So the undeserved hubbub over intergalactic summer blockbusters like Armageddon and Deep Impact has, rightfully, burned out faster than a dying comet. In fact, these overblown tripefests of quasi sci-fi and soapy drama have become punching bags for critics everywhere who need a quick illustration on just how obtuse and extravagant Hollywood has grown in recent years. Why pay writers for good stories and interesting dialogue when you can spend that budget on two hours of cosmic shrapnel and heroic, swarthy astronauts?
Despite such insipid films--OK, Deep Impact wasn't awful; neither was Contact; but Lost in Space worse than sucked--our collective interest in the universe outside our little atmosphere is still burning strong. Witness the pervasive coverage of Sen. John Glenn's recent return to space, as well as the millions holding their breath for the opening weekend of The Phantom Menace. Call it naked ambition, call it mankind's pioneering instinct, call it driving curiosity, but we earthlings just can't seem to shake the stars from our eyes. Most of us would cut off our left big toe (at least) for the opportunity to circle the earth in a space shuttle.
This kind of ongoing interest, by the way, is just what NASA needs right about now. The real-deal space center with real-deal astronauts has suffered increasing budget cuts at the hands of a not too interested government, and these engineers and pioneers can use every ounce of public fascination in their astronomical projects. If you've ever been down to Clear Lake, that space-centered, south-of-Houston town mired in The Right Stuff lore, you've seen the rockets. There they jut, huge and phallic, up through the pristine blue sky, or sit dormant across the tarmac--the towering promises of mankind's manifest destiny. If those beacons don't lure you into the waiting arms of the NASA visitor center, then you've missed quite a ride; the running history of our precarious relationship with outer space is the surest testimony that this race possesses brains and a spiritual soul.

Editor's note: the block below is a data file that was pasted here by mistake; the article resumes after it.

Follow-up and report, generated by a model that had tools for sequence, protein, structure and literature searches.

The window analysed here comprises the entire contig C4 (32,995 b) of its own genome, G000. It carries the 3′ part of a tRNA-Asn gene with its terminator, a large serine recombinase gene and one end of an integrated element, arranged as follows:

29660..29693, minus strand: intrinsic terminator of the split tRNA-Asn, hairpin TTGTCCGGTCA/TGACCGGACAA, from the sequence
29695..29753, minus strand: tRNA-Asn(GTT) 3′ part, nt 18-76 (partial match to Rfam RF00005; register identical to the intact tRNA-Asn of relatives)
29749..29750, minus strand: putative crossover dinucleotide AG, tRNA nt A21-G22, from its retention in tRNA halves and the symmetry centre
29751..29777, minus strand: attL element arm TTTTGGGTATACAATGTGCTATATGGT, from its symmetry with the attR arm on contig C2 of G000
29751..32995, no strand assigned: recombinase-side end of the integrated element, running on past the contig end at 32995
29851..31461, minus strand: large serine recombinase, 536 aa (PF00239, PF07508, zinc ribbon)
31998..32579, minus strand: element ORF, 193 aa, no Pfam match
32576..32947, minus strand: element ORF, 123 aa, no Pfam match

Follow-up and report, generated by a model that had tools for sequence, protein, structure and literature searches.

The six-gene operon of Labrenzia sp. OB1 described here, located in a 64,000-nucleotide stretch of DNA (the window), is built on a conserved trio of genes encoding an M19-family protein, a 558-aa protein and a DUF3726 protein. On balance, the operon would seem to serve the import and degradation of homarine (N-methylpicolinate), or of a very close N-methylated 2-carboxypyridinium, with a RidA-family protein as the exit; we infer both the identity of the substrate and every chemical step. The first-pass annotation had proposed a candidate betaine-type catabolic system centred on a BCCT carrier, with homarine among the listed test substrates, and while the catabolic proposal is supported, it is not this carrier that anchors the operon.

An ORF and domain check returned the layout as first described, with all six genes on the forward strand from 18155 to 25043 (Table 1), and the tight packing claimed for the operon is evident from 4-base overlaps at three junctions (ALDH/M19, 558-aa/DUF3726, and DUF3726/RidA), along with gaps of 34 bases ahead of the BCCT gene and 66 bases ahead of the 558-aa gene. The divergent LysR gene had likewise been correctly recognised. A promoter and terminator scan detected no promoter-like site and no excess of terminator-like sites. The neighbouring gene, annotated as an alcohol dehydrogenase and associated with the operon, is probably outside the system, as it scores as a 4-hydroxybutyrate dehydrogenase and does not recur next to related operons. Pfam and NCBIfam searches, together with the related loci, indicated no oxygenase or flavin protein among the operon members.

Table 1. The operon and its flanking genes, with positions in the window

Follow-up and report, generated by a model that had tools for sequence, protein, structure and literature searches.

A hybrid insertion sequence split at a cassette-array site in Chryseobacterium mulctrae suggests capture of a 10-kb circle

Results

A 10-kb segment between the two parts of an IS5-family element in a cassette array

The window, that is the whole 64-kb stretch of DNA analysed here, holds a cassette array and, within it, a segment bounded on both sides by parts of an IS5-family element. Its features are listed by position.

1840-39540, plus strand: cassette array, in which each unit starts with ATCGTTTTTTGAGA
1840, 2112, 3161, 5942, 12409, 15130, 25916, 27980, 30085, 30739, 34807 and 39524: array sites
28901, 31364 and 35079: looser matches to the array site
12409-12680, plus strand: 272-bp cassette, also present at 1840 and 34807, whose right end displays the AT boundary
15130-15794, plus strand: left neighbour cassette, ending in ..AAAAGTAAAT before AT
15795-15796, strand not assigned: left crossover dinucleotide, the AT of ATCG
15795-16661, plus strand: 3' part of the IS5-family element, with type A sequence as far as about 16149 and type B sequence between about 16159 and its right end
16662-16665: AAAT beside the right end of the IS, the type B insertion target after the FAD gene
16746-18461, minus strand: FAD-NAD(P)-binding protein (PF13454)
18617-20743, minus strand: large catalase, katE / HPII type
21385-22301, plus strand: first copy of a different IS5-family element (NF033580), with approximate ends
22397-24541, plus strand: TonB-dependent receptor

For those who haven't visited NASA in Houston, a fresh and non-fiction opportunity hits Dallas April 5 at Richland College: Views From Space: Selected Objects From the NASA Johnson Space Center.
The exhibit, housed in the college's Lago Vista Gallery, will feature all kinds of genuine NASA paraphernalia: large and detailed Space Shuttle photographs of the earth's surface, objects and castings from lunar landings, a circa-1969 Apollo space suit as worn by our original moon-walkers, a scale model of the Space Shuttle Orbital, and so on. For those of us who feel that driving down to Houston is about as convenient as committing to cosmonaut bootcamp, this in-town attraction makes for a cheap, easy, and informative hour of space-obsessed time.
Views Form Space: Selected Objects from the NASA Johnson Space Center is on view in the Lago Vista Gallery at Richland College from April 5 through May 7. 12800 Abrams. Admission is free. For more info, call (972) 238-6339.
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